Boynton knows how to please young kids while also entertaining the adults who will inevitably be asked to “read it again.”

YOUR NOSE!

From the Boynton on Board series

A sing-along assurance that this little fox is totally special.

Originally included on Blue Moo, Boynton’s 2007 album of children’s music, this board-book version hits all the right notes. The fact that it lampoons Neal Sedaka’s “Angel Eyes” will no doubt go right over the heads of young children—and possibly even their parents—but they can hear Sedaka himself singing this version via a link on the publisher’s website (noted on the copyright page). That version is slightly longer than the board-book text, but nevertheless, children and adults will happily sing along. Several animals rendered in Boynton’s distinctive style make appearances. Nose-to-nose pairs of rhinos, bears, ducks, pigs, and bunnies accompany the species-inclusive line “everyone can find a way to happiness, I suppose.” But a doting fox and its kit are the book’s main characters. Their expressive eyes make their mutual delight clear, and their noses are very much in evidence. The refrain—“YOUR NOSE!”—is set in a larger font, helping even young children start to recognize the words. This unabashed celebration of this little fox’s uniqueness and the grown-up fox’s unconditional admiration is completely sincere and sure to be appreciated by toddlers.

Boynton knows how to please young kids while also entertaining the adults who will inevitably be asked to “read it again.” (Board book (1-4)

Pub Date: March 31, 2020

ISBN: 978-1-5235-1021-4

Page Count: 24

Publisher: Workman

Review Posted Online: May 3, 2020

Kirkus Reviews Issue: May 15, 2020

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This TV rerun in board-book form has nothing new to offer.

PEPPA'S GIANT PUMPKIN

From the Peppa Pig series

Peppa hopes to join her classmates in a Halloween pumpkin competition in this adaptation of a story from the popular British television program Peppa Pig.

With the help of Granny and Grandpa Pig, Peppa turns her giant pumpkin, which is the size of a compact car, into a jack-o’-lantern. The trio is flummoxed when it comes time to transport the pumpkin to the competition, so they call on Miss Rabbit and her helicopter to airlift the pumpkin to the festivities as Peppa and her grandparents ride inside. Peppa arrives just in time for the contest and wins the prize for best flying pumpkin. The scenes look as if they are pulled directly from the television show, right down to the rectangular framing of some of the scenes. While the story is literally nothing new, the text is serviceable, describing the action in two to three sentences per page. The pumpkin-shaped book and orange foil cover will likely attract youngsters, whether they are Peppa fans or not.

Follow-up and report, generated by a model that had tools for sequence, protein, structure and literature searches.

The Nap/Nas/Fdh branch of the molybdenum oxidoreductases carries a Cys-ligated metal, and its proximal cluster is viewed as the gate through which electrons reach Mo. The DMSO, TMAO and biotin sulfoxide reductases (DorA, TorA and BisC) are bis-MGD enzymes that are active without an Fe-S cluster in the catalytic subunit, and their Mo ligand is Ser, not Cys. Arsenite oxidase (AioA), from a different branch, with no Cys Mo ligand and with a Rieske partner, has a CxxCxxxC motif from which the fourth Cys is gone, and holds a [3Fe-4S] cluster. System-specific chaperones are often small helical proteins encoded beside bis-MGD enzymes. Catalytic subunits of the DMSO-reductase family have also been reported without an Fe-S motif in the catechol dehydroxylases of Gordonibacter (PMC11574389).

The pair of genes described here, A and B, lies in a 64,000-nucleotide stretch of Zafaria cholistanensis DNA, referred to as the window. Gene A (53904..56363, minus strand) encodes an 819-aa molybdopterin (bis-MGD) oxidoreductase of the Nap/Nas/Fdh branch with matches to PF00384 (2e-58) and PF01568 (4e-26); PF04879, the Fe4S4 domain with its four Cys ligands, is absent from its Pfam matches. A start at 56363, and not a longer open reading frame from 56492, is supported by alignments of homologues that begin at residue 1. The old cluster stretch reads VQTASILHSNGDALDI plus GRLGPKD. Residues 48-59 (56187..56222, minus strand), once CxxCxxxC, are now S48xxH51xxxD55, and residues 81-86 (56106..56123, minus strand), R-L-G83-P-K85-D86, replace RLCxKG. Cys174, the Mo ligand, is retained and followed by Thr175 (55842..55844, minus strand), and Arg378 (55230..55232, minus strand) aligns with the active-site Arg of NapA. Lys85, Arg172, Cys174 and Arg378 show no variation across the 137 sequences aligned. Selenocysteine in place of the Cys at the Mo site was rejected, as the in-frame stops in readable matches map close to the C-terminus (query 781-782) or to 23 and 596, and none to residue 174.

This TV rerun in board-book form has nothing new to offer. (Board book. 2-4)

Pub Date: July 30, 2019

ISBN: 978-1-338-33922-2

Page Count: 10

Publisher: Scholastic

Review Posted Online: Sept. 24, 2019

Kirkus Reviews Issue: Oct. 15, 2019

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While the ghoulies here are more cute than scary, “jump,” “quiver,” and “run” will probably get across the idea to even the...

HALLOWEEN ABC

An abecedary of spooky or autumnal delights for the littlest readers.

Each letter of the alphabet is highlighted on a single page, the upper- and lowercase letters appearing in the upper left-hand corner, while the object is named at the bottom or in the upper right. Ho keeps her illustrations simple and places them against plain, brightly colored backgrounds, keeping them accessible to those still learning about Halloween’s many icons. The almost-fluorescent orange cover is sure to attract attention, and the palette of black, purple, orange, yellow, and radioactive green enhances the Halloween mood. But while many of the chosen items will be expected—bats, ghost, haunted house, owl, skeleton, vampire, witch, zombie—others are rather odd choices. J is for “jump,” not jack-o’-lantern (“pumpkin” is illustrated with a jack-o’-lantern); K is for a mostly black “kitten” standing in a coffin; and N is for “nightmare,” which is virtually impossible to express visually for this age group without provoking said nightmare. Here, a lavender-skinned child (zombie?) in pajamas and nightcap has arms raised and mouth open wide in surprise—perhaps in response to the mummy across the gutter? The tough letters use “quiver,” spider-decorated “underpants” on a monster, and “extra treats,” the x underlined.

While the ghoulies here are more cute than scary, “jump,” “quiver,” and “run” will probably get across the idea to even the youngest listeners that Halloween can be scary. (Board book. 2-4)

Pub Date: July 18, 2017

ISBN: 978-0-7636-9527-9

Page Count: 28

Publisher: Nosy Crow/Candlewick

Review Posted Online: Aug. 7, 2017

Kirkus Reviews Issue: Jan. 1, 2018

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